Report: Harrisburg corridor good, but needs TLC
The Third Street corridor — a backbone for commerce that connects Midtown to the state Capitol complex in downtown Harrisburg — is in need of an adjustment.
A study by the Washington, D.C.-based Urban Land Institute confirmed the corridor's importance to Harrisburg, but the institute also believes Third Street can be even better — and help to attract residents, businesses and visitors to the city.
"Strategically bridging the gap between the downtown and midtown neighborhoods can put Harrisburg on the map as a vibrant capital city with a strong urban core," the institute stated in its report, titled "TLC for Harrisburg's Third Street Corridor."
Institute officials visited Harrisburg in April for a two-day panel, where officials walked a two-mile stretch of Third Street between Reily Street in Midtown and Chestnut Street downtown and met with residents, business owners and other people who use the corridor. The institute's panels analyze an area and then make recommendations that community organizations can work to implement.
The institute's report on Third Street highlights development and key attractions along the corridor, including anchors such as the Broad Street Market, the Susquehanna Art Museum and Millworks.
Looking closer to downtown, the report recognizes recent changes in and around Strawberry Square, including new restaurants and medical offices, as well as the growth in apartment projects driven by Harristown Enterprises. Harristown owns Strawberry Square and sponsored the institute study.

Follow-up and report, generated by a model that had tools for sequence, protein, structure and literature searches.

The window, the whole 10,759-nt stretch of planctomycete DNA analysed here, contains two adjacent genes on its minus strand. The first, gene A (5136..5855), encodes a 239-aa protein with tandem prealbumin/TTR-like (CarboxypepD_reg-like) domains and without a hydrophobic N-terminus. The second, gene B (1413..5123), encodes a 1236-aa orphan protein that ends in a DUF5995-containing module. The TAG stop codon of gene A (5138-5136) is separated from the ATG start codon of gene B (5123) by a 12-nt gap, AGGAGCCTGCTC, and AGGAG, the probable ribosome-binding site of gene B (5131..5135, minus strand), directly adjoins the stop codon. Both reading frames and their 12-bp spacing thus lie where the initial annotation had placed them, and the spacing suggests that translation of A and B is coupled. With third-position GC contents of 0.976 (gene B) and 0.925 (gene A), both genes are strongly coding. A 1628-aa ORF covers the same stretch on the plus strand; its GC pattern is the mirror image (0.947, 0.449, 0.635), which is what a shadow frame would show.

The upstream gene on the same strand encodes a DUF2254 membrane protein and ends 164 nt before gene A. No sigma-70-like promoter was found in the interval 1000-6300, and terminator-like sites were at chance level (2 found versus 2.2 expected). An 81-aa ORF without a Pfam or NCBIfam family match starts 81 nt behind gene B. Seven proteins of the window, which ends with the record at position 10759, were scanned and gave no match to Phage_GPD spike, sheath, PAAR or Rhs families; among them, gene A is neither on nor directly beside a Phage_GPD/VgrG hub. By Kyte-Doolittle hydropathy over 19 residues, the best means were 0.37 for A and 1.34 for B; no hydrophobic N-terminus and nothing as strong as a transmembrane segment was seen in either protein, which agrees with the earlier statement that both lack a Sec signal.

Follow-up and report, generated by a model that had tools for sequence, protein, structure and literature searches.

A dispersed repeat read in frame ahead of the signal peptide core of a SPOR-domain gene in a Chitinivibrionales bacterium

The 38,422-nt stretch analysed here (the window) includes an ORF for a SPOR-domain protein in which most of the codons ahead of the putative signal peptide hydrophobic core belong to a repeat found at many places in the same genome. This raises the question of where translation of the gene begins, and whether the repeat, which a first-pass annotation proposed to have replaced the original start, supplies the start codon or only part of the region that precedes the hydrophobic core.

However, the report states that the city still faces challenges, such as blighted and vacant properties, a high poverty rate, issues of homelessness and poorly rated public schools. There also is a perception that Harrisburg is not safe.
The institute said the major physical challenge for Harrisburg is Forster Street, a six-lane road that cuts off downtown from Midtown. The corridor also has many vacant storefronts.
Brad Jones, president and CEO of Harristown, agrees that the corridor faces some barriers to growth. But he believes solutions will emerge from the study.
"I think there is an opportunity to get together a subgroup of folks who were engaged in this effort," he said. "Our goal is to get more tenants in there."
Indeed, the study offers a series of recommendations.
One involves doing more to encourage home ownership, which could help attract more retailers. Until tenants can be found for empty storefronts, the institute believes property owners could host pop-up activities to engage the community. Other recommendations include increasing police visibility, cracking down on code enforcement to remediate blight, and sprucing up the streetscape with more trees and benches.
The institute also said an official Third Street coalition should be formed to bring people from downtown and Midtown together and to start branding the corridor as a way to jump-start more activity.
In addition, the city needs to work with PennDOT and the Tri-County Regional Planning Commission to improve the intersection of North Third and Forster streets, the institute said. In addition to proposed bumpouts at the crosswalks, the institute said reducing the number of lanes on Forster Street could make it more pedestrian friendly.
Harrisburg also could consider installing patterned crosswalks or graphics at the intersection to slow down drivers and improve pedestrian access. Street murals painted on to roadway surfaces also have been shown to slow traffic.
"The intersection should be considered an enormous branding opportunity; it can be a gateway into the Third Street corridor," the report states.
Here's a link to the institute report.